A new Super PAC funded by Munger, Californians for Fiscal Responsibility, reports spending nearly $540,000 to date to boost Sundheim and sink Del Beccaro. The mailings focus on Del Beccaro’s record as state GOP chairman, blaming him for electoral, voter registration and funding woes it suffered.(SacBee)
If this is their attempt to unify Republican votes, it doesn’t seem to be working. The latest ABC7/Survey USA poll has Sundheim and Del Beccarro in the low single digits. There are still a lot of undecideds on that poll, but it seems either Republican will be able to catch up to Sanchez or Harris.
Hey, Charles, if you have so much money to burn, maybe you can help build some affordable housing in the Palo Alto area? That would probably do a lot more good.
I’m sure you are already registered to vote, but have you moved lately? Do you have a friend that moved or needs to register for the first time in California? Well, fortunately enough, we have a great online registration system, and you (or your friend) should mosey on down to said website and just do it.
Lt.Gov. Gavin Newsom has been running governor for the better part of this century, or so it seems. And for a while it looked like his fundraising may have deterred anybody else from officially announcing their candidacy for the 2018 contest. That changed this week:
California Treasurer John Chiang has made it official: He’s running for governor in 2018.
The Democrat made the announcement in a statement Tuesday morning.
“As your next Governor, I have a blueprint for expanding and renewing the California dream through fixing our crumbling infrastructure, making retirement security our generation’s call to arms, and rebuilding California’s middle class through better jobs and improved educational opportunities,” Chiang said. (LAT 5/18/16)
First, let me say that I’ve always been impressed with John Chiang, as both Controller and Treasurer. He fought Governor Schwarzenegger during the worst of the Budget fights, and has been a competent manager of the office. As to whether he can compete with the fundraising of Gavin Newsom is an open question. Chiang has some money in his treasurer account that he can transfer over to this race, but he is already over $2million behind the former SF Mayor.
And right after that announcement, BoE Member Fiona Ma (and CPA!) announced that she would be seeking Chiang’s Treasurer gig. In an email sent to supporters, she outlined her qualifications:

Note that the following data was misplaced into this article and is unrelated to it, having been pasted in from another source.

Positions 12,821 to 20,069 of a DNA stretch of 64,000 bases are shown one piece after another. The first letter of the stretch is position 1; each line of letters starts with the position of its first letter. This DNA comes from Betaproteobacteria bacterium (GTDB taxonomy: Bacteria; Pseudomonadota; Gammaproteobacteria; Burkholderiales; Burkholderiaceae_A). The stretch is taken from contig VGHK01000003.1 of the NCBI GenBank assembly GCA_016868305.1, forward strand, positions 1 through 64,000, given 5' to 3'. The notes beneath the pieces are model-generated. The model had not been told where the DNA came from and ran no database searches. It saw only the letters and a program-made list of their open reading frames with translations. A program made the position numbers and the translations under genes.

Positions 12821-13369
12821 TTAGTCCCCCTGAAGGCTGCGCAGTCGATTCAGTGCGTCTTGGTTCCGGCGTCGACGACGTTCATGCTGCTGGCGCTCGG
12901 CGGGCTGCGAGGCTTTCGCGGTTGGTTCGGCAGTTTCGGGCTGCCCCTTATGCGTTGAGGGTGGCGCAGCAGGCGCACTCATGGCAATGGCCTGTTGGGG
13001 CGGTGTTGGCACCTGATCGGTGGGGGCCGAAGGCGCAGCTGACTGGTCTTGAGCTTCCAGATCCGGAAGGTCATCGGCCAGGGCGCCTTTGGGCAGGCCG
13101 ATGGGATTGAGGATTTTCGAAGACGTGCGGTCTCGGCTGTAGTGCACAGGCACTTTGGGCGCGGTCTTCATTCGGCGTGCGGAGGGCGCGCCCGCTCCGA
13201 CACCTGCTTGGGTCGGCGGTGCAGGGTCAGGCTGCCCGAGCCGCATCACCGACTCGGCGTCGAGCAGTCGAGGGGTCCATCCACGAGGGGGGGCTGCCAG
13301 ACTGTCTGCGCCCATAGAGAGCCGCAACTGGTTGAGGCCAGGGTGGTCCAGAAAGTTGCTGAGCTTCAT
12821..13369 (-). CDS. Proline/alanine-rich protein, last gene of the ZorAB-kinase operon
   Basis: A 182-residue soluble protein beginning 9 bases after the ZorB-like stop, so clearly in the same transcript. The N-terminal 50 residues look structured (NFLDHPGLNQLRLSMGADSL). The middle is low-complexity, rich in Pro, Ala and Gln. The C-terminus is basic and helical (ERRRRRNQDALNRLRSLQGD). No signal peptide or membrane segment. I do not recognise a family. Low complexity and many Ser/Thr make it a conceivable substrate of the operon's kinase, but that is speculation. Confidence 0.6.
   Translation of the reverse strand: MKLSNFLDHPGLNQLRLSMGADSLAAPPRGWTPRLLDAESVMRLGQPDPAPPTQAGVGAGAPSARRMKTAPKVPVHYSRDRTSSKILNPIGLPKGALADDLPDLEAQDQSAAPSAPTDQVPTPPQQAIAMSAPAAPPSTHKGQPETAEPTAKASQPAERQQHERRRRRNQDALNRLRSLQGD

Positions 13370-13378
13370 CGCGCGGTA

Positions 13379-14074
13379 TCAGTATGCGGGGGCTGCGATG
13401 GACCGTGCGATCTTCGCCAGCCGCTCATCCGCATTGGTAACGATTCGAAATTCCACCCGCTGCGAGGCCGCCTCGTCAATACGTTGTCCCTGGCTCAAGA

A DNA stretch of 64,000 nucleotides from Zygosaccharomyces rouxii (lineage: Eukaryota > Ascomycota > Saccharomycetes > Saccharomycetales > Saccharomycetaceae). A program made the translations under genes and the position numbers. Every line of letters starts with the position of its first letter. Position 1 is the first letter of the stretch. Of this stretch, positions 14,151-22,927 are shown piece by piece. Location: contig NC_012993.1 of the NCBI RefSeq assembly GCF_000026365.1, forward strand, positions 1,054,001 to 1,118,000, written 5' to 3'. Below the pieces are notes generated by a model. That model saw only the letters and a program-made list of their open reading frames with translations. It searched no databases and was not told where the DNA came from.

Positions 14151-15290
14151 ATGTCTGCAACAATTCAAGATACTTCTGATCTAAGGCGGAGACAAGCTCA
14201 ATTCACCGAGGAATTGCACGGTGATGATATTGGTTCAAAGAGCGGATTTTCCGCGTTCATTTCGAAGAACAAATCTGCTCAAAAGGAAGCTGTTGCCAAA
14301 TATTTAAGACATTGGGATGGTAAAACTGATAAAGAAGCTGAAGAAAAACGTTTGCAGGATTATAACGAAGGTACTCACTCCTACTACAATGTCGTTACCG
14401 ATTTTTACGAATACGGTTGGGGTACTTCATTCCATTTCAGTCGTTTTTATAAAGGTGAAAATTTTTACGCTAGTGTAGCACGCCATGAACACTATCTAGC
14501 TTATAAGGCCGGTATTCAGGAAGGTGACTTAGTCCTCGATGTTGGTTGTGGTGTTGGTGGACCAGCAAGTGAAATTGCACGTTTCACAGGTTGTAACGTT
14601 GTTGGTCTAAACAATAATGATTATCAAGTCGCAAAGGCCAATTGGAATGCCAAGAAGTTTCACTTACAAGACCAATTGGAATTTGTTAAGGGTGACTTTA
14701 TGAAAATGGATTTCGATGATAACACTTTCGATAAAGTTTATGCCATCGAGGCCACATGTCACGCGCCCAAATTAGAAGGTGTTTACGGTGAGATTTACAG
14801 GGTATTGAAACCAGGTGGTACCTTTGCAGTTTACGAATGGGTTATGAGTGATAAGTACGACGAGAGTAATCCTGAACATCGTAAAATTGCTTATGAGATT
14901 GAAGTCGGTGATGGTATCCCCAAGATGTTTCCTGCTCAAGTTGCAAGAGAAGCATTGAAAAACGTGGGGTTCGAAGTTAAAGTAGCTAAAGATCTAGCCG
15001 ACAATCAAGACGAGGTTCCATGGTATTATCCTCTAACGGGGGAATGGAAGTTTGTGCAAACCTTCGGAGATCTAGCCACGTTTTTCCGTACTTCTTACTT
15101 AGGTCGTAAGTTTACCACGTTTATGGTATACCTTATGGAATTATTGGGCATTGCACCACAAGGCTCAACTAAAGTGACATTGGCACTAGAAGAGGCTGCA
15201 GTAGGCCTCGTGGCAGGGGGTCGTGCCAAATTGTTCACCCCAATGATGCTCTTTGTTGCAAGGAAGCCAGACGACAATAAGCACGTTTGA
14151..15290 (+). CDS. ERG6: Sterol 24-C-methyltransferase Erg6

As a Certified Public Accountant, Chair of the Board of Equalization, and state and local official, I’ve put my skills to work for Californians. I’ll be ready on Day One to serve as California’s treasurer and invest in the people and small businesses that are the foundation for California’s economic success.
An open statewide office is likely to attract competition, but Ma will be a formidable candidate. She has a history of fighting it out in San Francisco politics, and can be a formidable fundraiser herself.
I love our state parks. That can not be over emphasized. In Sonoma County, the state parks system is looking to set up iron rangers along the coast.
The pay-to-park fight has waged for several years between the California Department of Parks and Recreation (which wants the parking fees) and Sonoma County (whose supervisors unanimously rejected the plan in 2013). The iron rangers would be installed at destinations like Goat Rock, Salmon Creek, Shell Beach and other spots along a 35-mile stretch of Sonoma County coast.
The state appealed the county’s decision to the commission, which will meet on April 13–15 at the Veterans Memorial Auditorium in Santa Rosa. The meeting was moved from a smaller facility in anticipation of big crowds. (North Bay Bohemian)
Quite frankly, it won’t work. People will park along the residential streets, it will markedly decrease access to our parks, and the local economy will be negatively impacted. The Coastal Commission’s staff said as much in an epic report (very large PDF available here). You can get more
Here’s the quick and dirty summary of their logic:
Staff believes that the best path forward for fee parking programs at the State beaches on the Sonoma Coast is to provide the necessary information and analysis to address the potential impacts associated with a fee parking program which will inform how to avoid or mitigate any identified adverse impacts. In addition, DPR should propose specific measures or programs to provide lower cost access to these beach parks for low income persons. Furthermore, DPR should explore a collaborative partnership with Sonoma County and non-profit entities for joint operation of some of the beach parks as Bodega Head or Willow Creek to share the costs for operation and maintenance which could result in reduced or no fees. Parking fees to access State beaches is an issue of statewide importance, and it is better understood within a statewide context, wherein fees may make sense at certain locations and units, but maybe not others, and local interests and partners are better factored into the equation, including in terms of potential shared management and parks development. A statewide perspective also helps to ensure thatsuch a statewide program is equitable, includes transit alternatives in locations where fees are newly imposed, and allows DPR to further explore partnerships with interested local governments and nonprofits who wish to relieve DPR of its burden of maintaining facilities. This process would be consistent with the letter agreements exchanged in 2013 by the then executive directors of the Commission and State Parks, and with the direction given in Parks Forward, the internal reorganizing effort underway within DPR. For these reasons, staff recommends that the Commission deny the revised proposal submitted by DPR.